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Hi Brad, I was wondering if you have any general statistics around call center volumes, average hold time, etc. I'm curious to understand how many total minutes/hours of time U.S. consumers spend on hold per day. Do you have any rough estimates? Thanks!

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This is a very interesting (fun!) question, but because there is no consolidated method for collecting wait time statistics, the answer should be considered speculative. In the U.S., there are an estimated 35 billion agent-assisted interactions per year, the overwhelming majority being phone (some are email, social and other channels, which have varying response times). A common service level target is 80 percent answer in 20 seconds, equating to an average speed of answer of 10 to 15 seconds. This is a target, and some organizations perform better and some far worse. Using 15 seconds ASA, we can estimate that Americans spend a combined 146,000,000 hours on hold annually, or about 400,000 hours on hold each day. That's the equivalent of 46 years, daily.

What’s your favorite part of the book?

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That's tough to answer, because like so many others in our profession, I enjoy the diversity in disciplines that contact centers require. I suppose my favorite chapters are 1 (the beginning) and 17 (the conclusion), as they give a read on the landscape, a quick summation of everything in between.

What was the most challenging aspect of writing this book?

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Our industry is in transition right now, with new channels, e.g., those through social, being added, customer expectations evolving dramatically, etc. The phone is still the dominant form of communication in most centers, and the terms we’ve always used and that are prevalent in system reports (e.g., talk time, after call work et al.) make less intuitive sense when discussing, say, Twitter or Facebook. So straddling two worlds — what we have and where we’re quickly going — was interesting and took a lot of thought and work. It’s our hope that readers can apply the content, wherever they are on the development continuum, and also gain a clear vision of where things are going.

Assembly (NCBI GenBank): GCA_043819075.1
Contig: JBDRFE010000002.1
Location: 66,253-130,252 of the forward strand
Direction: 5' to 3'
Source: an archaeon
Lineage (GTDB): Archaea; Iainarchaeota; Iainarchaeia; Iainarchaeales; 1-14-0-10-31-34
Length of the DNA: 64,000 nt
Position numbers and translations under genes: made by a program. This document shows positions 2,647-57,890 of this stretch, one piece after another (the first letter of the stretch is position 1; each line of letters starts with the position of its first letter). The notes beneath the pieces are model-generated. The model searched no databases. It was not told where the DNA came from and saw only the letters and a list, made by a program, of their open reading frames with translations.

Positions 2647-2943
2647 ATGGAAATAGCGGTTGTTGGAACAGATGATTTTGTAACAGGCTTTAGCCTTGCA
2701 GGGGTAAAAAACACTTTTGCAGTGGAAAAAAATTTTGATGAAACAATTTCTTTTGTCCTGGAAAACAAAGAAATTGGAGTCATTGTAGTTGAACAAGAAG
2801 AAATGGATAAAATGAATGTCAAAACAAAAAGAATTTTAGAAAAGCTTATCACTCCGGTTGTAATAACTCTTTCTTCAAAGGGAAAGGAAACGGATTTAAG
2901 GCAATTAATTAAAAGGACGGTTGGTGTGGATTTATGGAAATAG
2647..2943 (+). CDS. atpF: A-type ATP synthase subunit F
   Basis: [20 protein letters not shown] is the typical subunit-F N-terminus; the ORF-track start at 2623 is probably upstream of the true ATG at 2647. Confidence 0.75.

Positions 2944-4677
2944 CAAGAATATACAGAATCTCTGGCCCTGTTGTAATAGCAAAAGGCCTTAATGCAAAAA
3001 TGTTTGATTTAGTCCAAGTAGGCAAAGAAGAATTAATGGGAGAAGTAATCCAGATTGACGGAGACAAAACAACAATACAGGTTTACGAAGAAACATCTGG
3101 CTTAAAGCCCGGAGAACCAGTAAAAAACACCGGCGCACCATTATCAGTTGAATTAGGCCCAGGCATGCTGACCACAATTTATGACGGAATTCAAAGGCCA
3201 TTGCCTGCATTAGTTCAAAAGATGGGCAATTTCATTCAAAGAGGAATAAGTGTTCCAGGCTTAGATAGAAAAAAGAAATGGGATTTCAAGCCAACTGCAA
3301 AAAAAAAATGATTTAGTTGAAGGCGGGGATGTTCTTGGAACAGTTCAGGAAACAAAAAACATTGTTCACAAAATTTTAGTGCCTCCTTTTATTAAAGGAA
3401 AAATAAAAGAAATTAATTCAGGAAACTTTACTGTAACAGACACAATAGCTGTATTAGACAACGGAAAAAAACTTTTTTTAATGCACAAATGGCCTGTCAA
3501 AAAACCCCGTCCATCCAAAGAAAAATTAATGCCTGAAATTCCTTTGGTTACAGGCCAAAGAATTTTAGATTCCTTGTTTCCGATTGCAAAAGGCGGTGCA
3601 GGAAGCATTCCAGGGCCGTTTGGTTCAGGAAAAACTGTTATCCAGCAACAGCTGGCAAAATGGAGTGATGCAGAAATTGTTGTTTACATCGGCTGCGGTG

What about sourcing in your book? I am doing a research on call center implementation overseas as well as their tasks and missions. I have just bought your book and I am still in the process of reading it. Could you please put me on the right way? Which part to focus on more in your book.

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Thanks for your question. This book is written for any type of call center (contact center), and covers strategy, planning, operations, and metrics needed in any type of environment. For a quick understanding of higher level mission and strategy, I'd look at Chapters 1, 2, 10, 13 and 17. The other chapters provide operational support. I hope this helps, and good luck!

Who should read this book?

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It’s my hope that anyone who works in, manages, oversees, supports or is in an area impacted by a contact center will find the book helpful. Specific roles include:

  • Executive VPs, VPs, Directors
  • Call center managers, supervisors and analysts
  • Marketing executives
  • Consumer affairs or corporate communications officers
  • Consultants and suppliers
  • Agents who would like to move into supervision and management roles
  • C-level leadership, who wants a grounding in what the call center is and does, and the value it should be producing.

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